[0160] In the implementation of multi-wavelength optical heterodyne cw-CRDS to be outlined, two cw tunable diode lasers (TDL) are used, each tuned to characteristic features in the near-infrared absorption spectra of CO and CO2, respectively. In an extension of this approach, a third TDL, tuned to an off-resonance wavelength, can be used (as in FIG. 13) to provide background or baseline information. Both CO2 and CO gases have optical absorption bands within the wavelength range 1.52-1.69 μm. Therefore, each TDL source can be of the same type with many other optical components optimised for a common spectral region. Apparatus as in FIG. 11, which provides the simplest way to do this, is summarised as follows. Output optical beams of two (or three) TDL sources (e.g., New Focus model 6262/6200) are steered parallel to each other, with very small spatial separation; this is achieved by directing the beams from each laser via small right-angle silica prism reflectors (˜5 mm in dimensions). The linear polarisation direction of each TDL optical output beam is vertical and they propagate in a horizontal plane. An optical fibre coupler (Newport model F-91ST) equipped with a microscope objective lens (Newport model M-10X) is used to couple each beam into a short length (˜1 m) of single-mode silica-core optical fibre (Newport model F-SMF-28). The alignment of the each optical beam is further optimised individually to achieve equal maximum coupling efficiencies into the optical fibre. The laser beams that emerge from the single-mode optical fibre are collinear and co-propagating, forming a composite multi-wavelength beam of coherent light. A second optical fibre coupler (Newport model F-915T) equipped with a second microscope objective lens (Newport model M-10X) is used to couple the optical fibre output into the ringdown cavity. At least two beam-steering reflectors are used between the fibre output coupler and the ringdown cavity, so that the multi-wavelength laser beam can be aligned to the optical axis of the ringdown cavity. The optical path length between the optical fibre output coupler and the centre of the ringdown cavity is typically ˜1.2 m. The optical fibre output coupler is adjusted to focus the multi-wavelength coherent beam at the midpoint of the ringdown cavity. An optical fibre polarisation controller (Newport model F-POL-IL) is used to adjust the polarisation orientation of the emerging beam out of the single-mode optical fibre, so that its linear polarisation axis matches that of the polarisation control unit of FIG. 11; this unit is in the form of a standard optical isolator (Optics for Research model IO-4-IR2-HP). Additional optical isolators are typically combined in series to minimise the influence of backward-propagating light upon the TDL sources, which are susceptible to interference and optical damage. In this implementation, the cavity mirrors (Newport model 10CV00SR.70F) are typically separated by an axial distance of 45.4 cm. A low-voltage PZT element (Piezomechanik model 150/20-15/25 VS 35) is used to drive the cavity mirror, in response to an electrical waveform with a typical peak-to-peak amplitude of ˜10 V and a typical frequency of ˜1 KHz. Either triangular or sinusoidal waveforms are acceptable fonns of PZT ramp signal; CRDS results of similarly high quality are obtained with either waveform. Near the middle of the ramp cycle, the amplitude of the PZT ramp signal is adjusted to make the ringdown cavity to be successively in optical resonance with each of the TDL wavelengths at sweep-time intervals of ˜500 μs. If the two on-resonance TDL wavelengths are to be resonant with the ringdown cavity at a given sweep-time separation (for example, 45 μs), then the optical frequency of the two TDL light sources should be separated at a predictable factor time the free spectral range (FSR) of the ringdown cavity. For example, if successive build up and decay transients are to be separated by 45 μs in a sweep period of 500 μs, the factor by which the FSR is multiplied is [N+(45/500)], where N is an integer. For a 45.4-cm cavity mirror separation, the FSR is ˜330 MHz (0.01100 cm−1). If one TDL laser is tuned and set to the 1.5412-μm (6488.355052-cm−1) P(18) rovibrational absorption line of the (3001)I-(0000) band of CO2 gas, then a second TDL laser can be suitably tuned and set, for example, to either the 1.5673-μm (6380.3013-cm−1) R(8) line or the 1.5776-μm (6338.5895-cm−1) P(3) line in the (3-0) second overtone band of CO gas.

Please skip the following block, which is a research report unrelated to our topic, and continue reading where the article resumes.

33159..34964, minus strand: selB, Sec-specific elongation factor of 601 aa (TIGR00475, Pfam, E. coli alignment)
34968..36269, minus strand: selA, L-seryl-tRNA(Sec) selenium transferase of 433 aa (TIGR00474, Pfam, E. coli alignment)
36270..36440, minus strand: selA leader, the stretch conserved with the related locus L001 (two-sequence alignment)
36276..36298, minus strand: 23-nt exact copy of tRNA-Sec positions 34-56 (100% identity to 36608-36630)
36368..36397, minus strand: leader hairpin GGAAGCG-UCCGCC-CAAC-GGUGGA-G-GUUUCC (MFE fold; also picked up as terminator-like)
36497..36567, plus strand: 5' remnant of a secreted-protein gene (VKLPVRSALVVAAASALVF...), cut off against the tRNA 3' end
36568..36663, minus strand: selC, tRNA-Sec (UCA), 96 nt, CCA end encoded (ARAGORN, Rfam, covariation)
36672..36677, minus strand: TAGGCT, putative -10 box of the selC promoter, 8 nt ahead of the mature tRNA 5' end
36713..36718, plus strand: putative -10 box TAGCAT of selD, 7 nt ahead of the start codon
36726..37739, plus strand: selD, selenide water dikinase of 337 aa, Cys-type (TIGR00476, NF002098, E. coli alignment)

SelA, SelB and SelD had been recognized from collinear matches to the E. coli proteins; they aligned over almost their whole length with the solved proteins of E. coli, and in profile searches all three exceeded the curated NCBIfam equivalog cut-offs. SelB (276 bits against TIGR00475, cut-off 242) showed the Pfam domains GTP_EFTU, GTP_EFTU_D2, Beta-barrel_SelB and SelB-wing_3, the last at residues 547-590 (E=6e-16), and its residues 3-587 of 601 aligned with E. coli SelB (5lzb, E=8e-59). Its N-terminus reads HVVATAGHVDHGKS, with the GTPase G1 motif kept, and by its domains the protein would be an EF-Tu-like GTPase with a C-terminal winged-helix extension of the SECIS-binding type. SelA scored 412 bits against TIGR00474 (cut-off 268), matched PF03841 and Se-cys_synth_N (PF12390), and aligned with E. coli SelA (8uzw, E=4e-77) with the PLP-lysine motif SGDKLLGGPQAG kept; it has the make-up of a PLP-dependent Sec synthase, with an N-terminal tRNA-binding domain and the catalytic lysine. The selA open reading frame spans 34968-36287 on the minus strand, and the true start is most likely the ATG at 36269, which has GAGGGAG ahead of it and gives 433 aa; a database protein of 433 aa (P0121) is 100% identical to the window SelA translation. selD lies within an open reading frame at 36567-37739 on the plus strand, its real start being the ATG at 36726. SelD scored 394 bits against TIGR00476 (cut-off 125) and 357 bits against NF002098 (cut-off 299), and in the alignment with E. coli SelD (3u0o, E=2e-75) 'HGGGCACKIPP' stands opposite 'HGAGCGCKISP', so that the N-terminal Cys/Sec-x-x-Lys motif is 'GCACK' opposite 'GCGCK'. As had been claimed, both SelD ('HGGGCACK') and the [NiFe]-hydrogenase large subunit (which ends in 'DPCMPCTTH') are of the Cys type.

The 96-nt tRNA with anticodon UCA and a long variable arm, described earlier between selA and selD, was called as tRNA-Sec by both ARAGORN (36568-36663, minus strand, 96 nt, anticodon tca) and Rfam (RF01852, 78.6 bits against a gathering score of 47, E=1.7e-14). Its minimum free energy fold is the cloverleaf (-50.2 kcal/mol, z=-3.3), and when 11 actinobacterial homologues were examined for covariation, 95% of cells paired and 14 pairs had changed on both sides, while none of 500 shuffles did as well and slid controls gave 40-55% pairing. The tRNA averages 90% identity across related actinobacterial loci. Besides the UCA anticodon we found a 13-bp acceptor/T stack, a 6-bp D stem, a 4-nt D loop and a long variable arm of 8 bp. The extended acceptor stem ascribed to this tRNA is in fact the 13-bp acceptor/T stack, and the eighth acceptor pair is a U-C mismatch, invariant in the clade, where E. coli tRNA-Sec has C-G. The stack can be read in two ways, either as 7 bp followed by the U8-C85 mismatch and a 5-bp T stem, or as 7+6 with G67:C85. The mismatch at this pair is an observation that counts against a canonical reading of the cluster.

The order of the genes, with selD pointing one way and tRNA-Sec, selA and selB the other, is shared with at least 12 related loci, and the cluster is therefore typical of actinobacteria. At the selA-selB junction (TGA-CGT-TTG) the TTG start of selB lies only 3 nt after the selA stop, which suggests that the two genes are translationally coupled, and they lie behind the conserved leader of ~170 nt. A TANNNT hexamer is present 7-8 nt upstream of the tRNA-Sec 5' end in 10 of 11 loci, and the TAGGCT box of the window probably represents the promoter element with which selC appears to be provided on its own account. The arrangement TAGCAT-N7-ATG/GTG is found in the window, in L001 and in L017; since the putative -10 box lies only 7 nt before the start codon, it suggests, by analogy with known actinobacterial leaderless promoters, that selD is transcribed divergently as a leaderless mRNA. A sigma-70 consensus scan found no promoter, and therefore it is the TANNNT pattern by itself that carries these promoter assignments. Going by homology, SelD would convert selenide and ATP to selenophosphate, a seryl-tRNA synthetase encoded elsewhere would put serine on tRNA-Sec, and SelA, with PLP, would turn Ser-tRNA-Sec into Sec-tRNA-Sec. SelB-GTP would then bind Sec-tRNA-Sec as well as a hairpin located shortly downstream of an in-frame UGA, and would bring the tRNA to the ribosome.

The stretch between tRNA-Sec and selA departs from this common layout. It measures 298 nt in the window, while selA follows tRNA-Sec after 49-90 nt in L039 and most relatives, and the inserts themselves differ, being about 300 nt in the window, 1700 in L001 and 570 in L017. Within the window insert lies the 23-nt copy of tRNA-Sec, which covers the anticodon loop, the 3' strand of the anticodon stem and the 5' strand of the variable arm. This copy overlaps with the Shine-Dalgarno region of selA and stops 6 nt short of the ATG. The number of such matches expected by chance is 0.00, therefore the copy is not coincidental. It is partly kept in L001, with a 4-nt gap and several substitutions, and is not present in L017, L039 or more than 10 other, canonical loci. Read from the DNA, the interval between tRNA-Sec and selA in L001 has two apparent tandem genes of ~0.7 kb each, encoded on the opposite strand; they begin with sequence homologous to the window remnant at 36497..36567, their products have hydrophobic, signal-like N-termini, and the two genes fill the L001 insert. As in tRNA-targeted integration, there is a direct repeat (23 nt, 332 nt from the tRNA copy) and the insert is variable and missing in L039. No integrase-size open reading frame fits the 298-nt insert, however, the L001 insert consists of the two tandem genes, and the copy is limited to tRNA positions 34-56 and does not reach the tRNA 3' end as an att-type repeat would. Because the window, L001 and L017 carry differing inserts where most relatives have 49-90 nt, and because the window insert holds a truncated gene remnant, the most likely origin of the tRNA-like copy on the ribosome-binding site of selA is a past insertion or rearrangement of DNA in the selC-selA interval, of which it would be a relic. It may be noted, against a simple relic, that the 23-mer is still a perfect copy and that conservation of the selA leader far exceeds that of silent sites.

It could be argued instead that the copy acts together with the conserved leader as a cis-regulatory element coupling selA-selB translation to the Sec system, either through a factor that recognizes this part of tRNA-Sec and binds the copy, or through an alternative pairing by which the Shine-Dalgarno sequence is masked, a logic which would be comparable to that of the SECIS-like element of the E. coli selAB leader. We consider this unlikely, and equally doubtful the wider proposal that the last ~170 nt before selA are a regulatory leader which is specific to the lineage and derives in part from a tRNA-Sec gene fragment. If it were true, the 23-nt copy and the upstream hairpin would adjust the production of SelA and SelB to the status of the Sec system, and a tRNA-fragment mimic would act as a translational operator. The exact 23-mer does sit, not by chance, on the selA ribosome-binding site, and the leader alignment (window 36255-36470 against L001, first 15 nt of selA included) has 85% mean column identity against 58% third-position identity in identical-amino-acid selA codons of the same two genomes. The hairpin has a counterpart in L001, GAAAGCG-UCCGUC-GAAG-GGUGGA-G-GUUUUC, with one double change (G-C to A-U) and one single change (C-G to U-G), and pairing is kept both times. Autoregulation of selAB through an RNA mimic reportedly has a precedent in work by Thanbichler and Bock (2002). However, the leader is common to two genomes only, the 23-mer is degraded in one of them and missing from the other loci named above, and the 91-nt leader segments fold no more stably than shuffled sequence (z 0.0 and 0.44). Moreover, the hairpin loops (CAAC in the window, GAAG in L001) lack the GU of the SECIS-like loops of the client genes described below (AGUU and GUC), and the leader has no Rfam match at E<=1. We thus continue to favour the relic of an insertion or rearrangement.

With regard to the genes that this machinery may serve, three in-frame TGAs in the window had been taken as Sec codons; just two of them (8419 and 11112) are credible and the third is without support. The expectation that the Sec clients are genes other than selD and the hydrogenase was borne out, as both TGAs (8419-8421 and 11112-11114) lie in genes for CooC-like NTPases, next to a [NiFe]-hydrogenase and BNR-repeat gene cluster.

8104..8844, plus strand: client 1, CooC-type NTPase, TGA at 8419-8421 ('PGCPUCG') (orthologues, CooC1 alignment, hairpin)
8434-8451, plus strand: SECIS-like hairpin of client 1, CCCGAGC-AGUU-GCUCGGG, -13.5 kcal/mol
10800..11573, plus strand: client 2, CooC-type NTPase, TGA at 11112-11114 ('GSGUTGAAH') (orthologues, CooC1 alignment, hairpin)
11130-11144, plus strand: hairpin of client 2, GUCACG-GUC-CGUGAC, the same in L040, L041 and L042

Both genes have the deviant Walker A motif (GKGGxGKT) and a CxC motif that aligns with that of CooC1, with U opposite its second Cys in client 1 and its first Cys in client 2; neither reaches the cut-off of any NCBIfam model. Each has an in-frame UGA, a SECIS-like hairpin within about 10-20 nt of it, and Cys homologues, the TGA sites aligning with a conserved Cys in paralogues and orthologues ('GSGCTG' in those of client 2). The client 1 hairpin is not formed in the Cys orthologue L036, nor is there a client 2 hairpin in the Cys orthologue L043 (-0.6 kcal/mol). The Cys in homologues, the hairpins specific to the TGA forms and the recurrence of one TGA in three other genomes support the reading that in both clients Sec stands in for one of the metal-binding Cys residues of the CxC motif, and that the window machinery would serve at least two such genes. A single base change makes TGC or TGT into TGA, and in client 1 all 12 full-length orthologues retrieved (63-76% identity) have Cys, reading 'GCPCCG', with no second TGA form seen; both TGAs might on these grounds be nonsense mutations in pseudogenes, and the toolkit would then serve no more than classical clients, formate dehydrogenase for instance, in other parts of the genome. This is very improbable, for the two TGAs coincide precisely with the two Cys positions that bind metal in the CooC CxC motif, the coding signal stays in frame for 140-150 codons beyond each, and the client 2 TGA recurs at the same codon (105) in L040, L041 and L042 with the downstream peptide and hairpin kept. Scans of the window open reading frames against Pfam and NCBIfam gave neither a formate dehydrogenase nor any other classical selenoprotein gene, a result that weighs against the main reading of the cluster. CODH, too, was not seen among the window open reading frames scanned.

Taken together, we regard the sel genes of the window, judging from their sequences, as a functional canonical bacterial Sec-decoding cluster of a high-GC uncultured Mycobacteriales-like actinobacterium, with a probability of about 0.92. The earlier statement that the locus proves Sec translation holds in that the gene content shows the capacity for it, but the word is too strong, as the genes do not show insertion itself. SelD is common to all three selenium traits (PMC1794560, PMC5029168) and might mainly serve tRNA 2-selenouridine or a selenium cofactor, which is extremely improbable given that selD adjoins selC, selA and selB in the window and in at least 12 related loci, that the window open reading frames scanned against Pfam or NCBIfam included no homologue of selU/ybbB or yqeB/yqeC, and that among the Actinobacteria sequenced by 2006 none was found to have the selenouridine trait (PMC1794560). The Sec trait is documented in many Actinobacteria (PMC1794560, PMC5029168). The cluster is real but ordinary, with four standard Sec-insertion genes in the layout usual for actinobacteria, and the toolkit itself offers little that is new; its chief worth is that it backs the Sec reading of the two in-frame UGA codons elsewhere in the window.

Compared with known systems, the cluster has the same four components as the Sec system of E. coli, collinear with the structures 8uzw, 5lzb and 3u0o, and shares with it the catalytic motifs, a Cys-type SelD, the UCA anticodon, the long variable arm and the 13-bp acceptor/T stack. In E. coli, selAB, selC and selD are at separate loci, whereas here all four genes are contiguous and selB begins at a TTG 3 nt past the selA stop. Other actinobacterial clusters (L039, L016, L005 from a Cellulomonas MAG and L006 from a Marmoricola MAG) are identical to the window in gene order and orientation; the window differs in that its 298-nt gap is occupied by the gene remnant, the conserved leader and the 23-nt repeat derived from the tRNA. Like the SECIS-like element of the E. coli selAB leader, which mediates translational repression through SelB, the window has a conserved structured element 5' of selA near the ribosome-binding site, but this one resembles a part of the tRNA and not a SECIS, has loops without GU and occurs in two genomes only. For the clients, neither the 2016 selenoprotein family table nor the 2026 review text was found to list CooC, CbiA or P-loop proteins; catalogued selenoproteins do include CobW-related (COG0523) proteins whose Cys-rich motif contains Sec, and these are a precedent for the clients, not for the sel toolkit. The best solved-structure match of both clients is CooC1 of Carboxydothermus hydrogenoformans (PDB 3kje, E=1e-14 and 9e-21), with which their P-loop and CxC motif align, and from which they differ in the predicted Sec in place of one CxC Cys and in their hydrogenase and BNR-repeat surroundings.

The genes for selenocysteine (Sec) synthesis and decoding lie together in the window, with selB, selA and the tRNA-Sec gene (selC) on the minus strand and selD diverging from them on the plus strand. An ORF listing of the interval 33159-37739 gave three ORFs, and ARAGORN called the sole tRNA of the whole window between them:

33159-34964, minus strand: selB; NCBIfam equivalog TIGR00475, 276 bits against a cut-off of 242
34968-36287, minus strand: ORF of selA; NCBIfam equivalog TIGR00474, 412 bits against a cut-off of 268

[0161] Potential Applications

[0162] The apparatus of the invention is suitable for use in any application where it is desirable to determine whether trace absorbable species are present in a sample having an appropriate wavelength for use with a continuous-wave laser or where it is desirable to determine an optical absorption spectrum of a known compound at very low concentration or with very low optical absorption coefficient. Suitable trace species which could be detected by the method and apparatus of the invention include but are not limited to CO2, CO, H2O vapour, NO, oxygen, hydrogen fluoride, nitrous oxide, hydrogen cyanide, methane, light alkanes, ethylene, acetylene, ethanol, acetaldehyde, ketones, chloroform and NH3 either alone or simultaneously in combination suitably by use of multiple lasers such as described above. The nature of the trace species that can be detected is limited to those species having wavelengths capable of being generated by the specific components such as lasers, optical fibres, polarisation control optics used.